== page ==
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Arnie Garinger's
College Misericordia
Awards Speech

A final wish of our father was to post a speech he wrote and delivered at the College Misericordia athletic awards banquet in the spring of 2004. Our dad loved having an audience. Telling jokes and giving speeches were some of his favorite things in the whole world; probably second only to his love for our mom. When he wrote the speech that follows, he knew it could most likely be the last one he gave due to his illness -- Wegener's Granulomatosis.

 

My name is Arnie Garinger. I am older than dirt and began working here before Ben Franklin touched the key on the kite string.

I probably seem no different to those who know me in that I had chemo today and have enough pain killers in me to appear much as I always did on a couple two three Manhattans.

Speaking is something I normally do well (humble though I may be). Tonight I am scared to death. In order to do well it is normal to be nervous in front of a crowd. If you think you are going to do well, you probably will fall on your face.

I am scared because I know I am going to cry. However in an effort not to spoil your special night, I will cry in a masculine manner.

Anytime I speak to a group I try to teach something. Teaching and coaching well (note the use of well) are the only tools I know to gain immortality because a tiny bit of the teacher goes on with each of the learners, so if you take a bit of me with you, then I shall never die.

An obvious segue into number one is: It is perfectly acceptable for male people to cry....in fact it is good then for men to hug each other…..When David Martin sees me after a long absence he always kisses. (But guys....never open your mouth!!!)

If this were a normal year and I were not so ill, I would be the last speaker trying to add some humor to your night and probably causing Mike Mould to be nervous and jerky as he prays that I will not be so politically incorrect that he gets fired before he has a chance to retire!!

With that in mind....number two is to ALWAYS tell people what they need to hear, not what they WANT to hear. This way, you never need to keep track of the lies you told. You can get in lots more trouble with lies than the truth which often hurts!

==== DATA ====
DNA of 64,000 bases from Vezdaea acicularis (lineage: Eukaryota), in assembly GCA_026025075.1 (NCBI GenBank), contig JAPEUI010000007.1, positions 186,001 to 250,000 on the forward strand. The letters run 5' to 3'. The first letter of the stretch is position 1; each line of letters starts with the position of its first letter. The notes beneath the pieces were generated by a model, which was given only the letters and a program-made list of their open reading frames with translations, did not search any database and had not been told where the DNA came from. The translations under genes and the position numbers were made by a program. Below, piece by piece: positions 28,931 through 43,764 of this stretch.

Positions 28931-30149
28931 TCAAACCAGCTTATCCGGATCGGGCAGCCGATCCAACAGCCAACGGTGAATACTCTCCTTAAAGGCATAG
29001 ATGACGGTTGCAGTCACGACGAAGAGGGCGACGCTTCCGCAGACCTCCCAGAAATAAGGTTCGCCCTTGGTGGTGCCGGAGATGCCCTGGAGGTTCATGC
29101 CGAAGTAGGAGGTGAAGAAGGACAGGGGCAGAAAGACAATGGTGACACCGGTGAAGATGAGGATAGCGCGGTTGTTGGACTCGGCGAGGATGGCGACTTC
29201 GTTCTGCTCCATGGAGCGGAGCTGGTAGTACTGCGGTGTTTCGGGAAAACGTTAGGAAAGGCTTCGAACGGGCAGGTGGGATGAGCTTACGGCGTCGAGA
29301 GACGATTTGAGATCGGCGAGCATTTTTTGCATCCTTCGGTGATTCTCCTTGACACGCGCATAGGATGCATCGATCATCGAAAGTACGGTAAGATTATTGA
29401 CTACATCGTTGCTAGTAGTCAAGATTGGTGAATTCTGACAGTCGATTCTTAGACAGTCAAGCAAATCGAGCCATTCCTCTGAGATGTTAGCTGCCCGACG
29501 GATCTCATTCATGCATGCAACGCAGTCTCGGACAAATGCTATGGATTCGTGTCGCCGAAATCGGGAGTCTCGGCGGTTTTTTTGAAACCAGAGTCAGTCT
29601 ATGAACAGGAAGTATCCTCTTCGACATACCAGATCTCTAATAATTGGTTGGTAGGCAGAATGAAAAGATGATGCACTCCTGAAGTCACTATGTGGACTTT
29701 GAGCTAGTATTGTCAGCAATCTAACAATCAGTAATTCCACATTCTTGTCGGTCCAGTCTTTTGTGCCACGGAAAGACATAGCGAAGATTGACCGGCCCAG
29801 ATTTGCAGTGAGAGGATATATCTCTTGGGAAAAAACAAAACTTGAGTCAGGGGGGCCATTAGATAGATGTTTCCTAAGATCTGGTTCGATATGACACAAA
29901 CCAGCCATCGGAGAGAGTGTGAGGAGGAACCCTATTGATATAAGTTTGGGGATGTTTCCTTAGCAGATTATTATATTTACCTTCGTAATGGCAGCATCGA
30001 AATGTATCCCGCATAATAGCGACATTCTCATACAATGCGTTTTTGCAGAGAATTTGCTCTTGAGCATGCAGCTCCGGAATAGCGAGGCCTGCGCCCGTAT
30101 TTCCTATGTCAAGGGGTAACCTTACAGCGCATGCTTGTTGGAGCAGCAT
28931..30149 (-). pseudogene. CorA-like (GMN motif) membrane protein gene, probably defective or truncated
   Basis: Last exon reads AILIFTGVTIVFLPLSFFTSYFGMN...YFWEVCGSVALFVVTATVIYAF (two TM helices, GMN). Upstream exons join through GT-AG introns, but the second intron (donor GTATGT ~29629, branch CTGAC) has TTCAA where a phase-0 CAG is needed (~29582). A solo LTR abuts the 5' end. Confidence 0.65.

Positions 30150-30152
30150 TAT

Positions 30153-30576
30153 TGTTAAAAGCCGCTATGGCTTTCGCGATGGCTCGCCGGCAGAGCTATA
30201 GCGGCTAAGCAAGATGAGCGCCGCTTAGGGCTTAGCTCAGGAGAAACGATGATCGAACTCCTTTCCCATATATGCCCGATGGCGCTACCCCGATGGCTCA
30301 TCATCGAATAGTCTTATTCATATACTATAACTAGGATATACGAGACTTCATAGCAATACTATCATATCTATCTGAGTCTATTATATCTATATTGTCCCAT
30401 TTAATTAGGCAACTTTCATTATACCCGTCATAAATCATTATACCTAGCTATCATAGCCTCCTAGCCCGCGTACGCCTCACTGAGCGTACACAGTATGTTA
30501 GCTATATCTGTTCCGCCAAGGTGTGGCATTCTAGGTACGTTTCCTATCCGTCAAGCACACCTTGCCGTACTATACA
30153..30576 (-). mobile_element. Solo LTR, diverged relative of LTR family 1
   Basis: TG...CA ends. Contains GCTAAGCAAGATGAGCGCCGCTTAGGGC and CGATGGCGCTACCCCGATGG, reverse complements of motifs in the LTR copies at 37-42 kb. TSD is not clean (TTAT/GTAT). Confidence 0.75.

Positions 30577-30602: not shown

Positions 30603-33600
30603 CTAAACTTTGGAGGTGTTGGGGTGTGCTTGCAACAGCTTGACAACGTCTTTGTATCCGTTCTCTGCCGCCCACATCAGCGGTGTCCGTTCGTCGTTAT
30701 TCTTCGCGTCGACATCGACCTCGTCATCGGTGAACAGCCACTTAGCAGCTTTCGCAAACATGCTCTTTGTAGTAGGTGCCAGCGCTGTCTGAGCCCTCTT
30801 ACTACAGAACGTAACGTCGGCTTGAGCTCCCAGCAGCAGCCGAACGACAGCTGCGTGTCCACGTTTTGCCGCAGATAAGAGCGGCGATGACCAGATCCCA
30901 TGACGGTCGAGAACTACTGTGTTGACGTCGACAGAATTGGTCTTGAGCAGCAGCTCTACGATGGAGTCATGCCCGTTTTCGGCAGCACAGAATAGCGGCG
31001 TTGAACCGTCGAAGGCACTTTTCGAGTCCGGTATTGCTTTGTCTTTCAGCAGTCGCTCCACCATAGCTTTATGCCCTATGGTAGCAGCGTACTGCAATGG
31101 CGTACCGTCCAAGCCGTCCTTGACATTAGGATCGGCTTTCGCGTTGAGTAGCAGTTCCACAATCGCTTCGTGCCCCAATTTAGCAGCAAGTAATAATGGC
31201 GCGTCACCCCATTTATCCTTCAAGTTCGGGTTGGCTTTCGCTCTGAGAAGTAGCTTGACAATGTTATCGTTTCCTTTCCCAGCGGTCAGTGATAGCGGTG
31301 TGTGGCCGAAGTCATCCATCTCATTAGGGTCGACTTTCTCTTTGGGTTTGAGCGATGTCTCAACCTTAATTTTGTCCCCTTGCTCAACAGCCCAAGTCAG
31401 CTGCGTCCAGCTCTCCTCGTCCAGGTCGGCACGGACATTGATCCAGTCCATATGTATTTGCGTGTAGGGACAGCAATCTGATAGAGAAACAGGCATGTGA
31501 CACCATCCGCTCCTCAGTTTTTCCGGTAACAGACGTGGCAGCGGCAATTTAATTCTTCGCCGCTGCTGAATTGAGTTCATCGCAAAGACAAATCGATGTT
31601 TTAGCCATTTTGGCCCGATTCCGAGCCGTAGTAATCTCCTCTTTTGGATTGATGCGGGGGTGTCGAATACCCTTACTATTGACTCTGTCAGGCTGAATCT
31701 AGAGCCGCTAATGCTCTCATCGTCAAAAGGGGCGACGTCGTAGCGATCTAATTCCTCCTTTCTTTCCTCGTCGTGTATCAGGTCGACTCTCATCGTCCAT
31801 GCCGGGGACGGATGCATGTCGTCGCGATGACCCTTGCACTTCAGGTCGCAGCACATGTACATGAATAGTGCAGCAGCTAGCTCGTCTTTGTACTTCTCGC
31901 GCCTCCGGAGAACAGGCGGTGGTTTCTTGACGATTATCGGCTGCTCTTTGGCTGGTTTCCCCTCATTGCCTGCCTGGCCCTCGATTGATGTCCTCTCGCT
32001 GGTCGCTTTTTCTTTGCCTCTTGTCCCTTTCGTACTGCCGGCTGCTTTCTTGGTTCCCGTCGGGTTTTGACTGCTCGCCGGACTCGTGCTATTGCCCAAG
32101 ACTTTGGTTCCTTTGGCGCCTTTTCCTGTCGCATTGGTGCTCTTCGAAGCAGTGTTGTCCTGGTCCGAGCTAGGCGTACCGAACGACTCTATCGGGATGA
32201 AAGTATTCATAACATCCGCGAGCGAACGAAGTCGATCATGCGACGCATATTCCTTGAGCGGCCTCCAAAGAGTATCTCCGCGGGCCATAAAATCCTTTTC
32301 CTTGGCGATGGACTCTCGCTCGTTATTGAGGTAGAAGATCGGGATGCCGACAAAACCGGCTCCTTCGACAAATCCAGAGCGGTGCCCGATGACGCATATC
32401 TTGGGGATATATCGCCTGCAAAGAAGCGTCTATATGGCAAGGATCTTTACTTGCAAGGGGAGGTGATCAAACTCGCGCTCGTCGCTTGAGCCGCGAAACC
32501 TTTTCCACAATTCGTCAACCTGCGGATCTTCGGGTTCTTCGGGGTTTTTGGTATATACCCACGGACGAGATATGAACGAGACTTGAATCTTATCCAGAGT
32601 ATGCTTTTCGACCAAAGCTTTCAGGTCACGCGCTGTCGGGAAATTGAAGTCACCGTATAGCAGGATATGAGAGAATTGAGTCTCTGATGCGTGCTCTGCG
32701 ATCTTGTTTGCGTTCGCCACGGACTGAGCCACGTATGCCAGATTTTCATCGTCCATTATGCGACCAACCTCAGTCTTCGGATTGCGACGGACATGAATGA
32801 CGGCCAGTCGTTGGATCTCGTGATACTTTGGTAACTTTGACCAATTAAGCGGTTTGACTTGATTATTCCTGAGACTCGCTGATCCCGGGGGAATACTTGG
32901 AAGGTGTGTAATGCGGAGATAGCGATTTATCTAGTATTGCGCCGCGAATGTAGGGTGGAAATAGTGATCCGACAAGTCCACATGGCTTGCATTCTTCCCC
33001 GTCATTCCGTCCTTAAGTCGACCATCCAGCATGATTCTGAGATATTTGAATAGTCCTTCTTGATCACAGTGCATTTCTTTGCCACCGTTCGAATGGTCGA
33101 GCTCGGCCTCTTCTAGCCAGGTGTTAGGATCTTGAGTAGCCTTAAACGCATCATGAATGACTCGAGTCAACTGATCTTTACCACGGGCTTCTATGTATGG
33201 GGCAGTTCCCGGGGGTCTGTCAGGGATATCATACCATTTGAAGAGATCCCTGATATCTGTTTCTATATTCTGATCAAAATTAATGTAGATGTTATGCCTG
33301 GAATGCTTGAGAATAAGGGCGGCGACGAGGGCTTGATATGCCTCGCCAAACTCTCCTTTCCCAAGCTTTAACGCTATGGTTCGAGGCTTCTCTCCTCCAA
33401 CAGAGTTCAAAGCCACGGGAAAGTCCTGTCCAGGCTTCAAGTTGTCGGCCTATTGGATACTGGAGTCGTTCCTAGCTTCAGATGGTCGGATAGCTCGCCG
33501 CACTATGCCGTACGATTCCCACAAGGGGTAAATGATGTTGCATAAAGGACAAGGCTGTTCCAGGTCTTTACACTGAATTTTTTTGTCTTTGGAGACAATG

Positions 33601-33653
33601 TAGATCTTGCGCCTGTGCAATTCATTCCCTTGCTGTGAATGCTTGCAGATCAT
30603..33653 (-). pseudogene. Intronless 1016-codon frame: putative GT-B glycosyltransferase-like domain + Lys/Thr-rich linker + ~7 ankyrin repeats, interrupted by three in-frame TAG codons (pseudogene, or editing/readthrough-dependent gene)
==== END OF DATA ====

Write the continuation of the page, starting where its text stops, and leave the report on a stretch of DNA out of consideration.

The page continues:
THREE: Keep the past sacred but let it GO!! It is over....today and tomorrow you can change........yesterday is in the books and while you would love to have the 2 out, a 3 and 2 high hard one back, it will always be ball four. Live with it....learn from it.

I mention the past only to get some historical facts which may help you athletes to better appreciate your equipment. When Mike Mould was hired here as AD, It is a true fact that we could not locate a ball for the photo op! When they finally dug one up it was a basketball with laces. Now you have to be as old as dirt to have ever seen a basketball with laces. Our little gym, with a seating capacity of 65, had such a low ceiling that Wilt Chamberlain had to give up his full scholarship because he could not stand up at mid-court.

Picture no Anderson Center.....no new library.....no new dorms.....no town houses and no males on campus except Jack Hoover and yours truly!!!! We have come a long way baby!!!

Therefore, number four would be to never fear change. It is inevitable. Embrace it......hug it......make it happen to your advantage and be part of it.

Number five is just HUGE....so listen up.

See, the way I figure it, few, if any of us mortals will ever have a chance for big time fame. I guess if you got points for doing good, Mr. Lincoln might get 27 points for freeing the slaves. Probably, Joan of Arc would receive 32 for becoming a human hot dog. Regular folk like us have little chance to have a shot at something that would earn us double figures. But I TRULY BELIEVE that we can earn fractional points for the "thank you notes", the hug after the missed free throw or the apology that follows the 18th time you put your foot in your mouth! Therefore, when the great computer in the sky totals my lifetime points....I KNOW I will be ahead of Abe and Joan and I will not have to go into overtime to do it!!!

What follows will sound all puffed up (but I am). Once word spread about my illness, I began getting messages from all over the world. Not just Noxen and Dallas....I mean the world. One said "without you I am not Superintendent of Schools in Alaska” or "thanks for the kick in the rear you gave me when I tried to quit after 5 years of the nursing program. Today I am in charge of the entire computer system ay Miami heart Hospital with a masters thank you.

I mention this because the nifty part is that I have no remembrance of what I said to either person in 1970ish.

I suggest that you practice for life every day....Even a weak pop up will fall between the lines once in a while and the more you practice fouling them off, the better chance you have to get lucky.

I certainly did not plan for my career to end like this. I had hoped for gales of laughter and multitudes reaching out to touch my robes.

Obviously we cannot plan our life but we sure can attend practice each day so when we get surprised by the nasty curve ball, we can adjust and adapt and take a decent swing.

There is much more I could say....70 years worth, but instead let me finish with whatever moral or object lesson number I have rambled on to as I frantically try not to end this sentence with a preposition.

Thank you for allowing me to attend my own memorial service and remember.........YOU ARE LOVED!!!!!

Arnie Garinger
April 29, 2004

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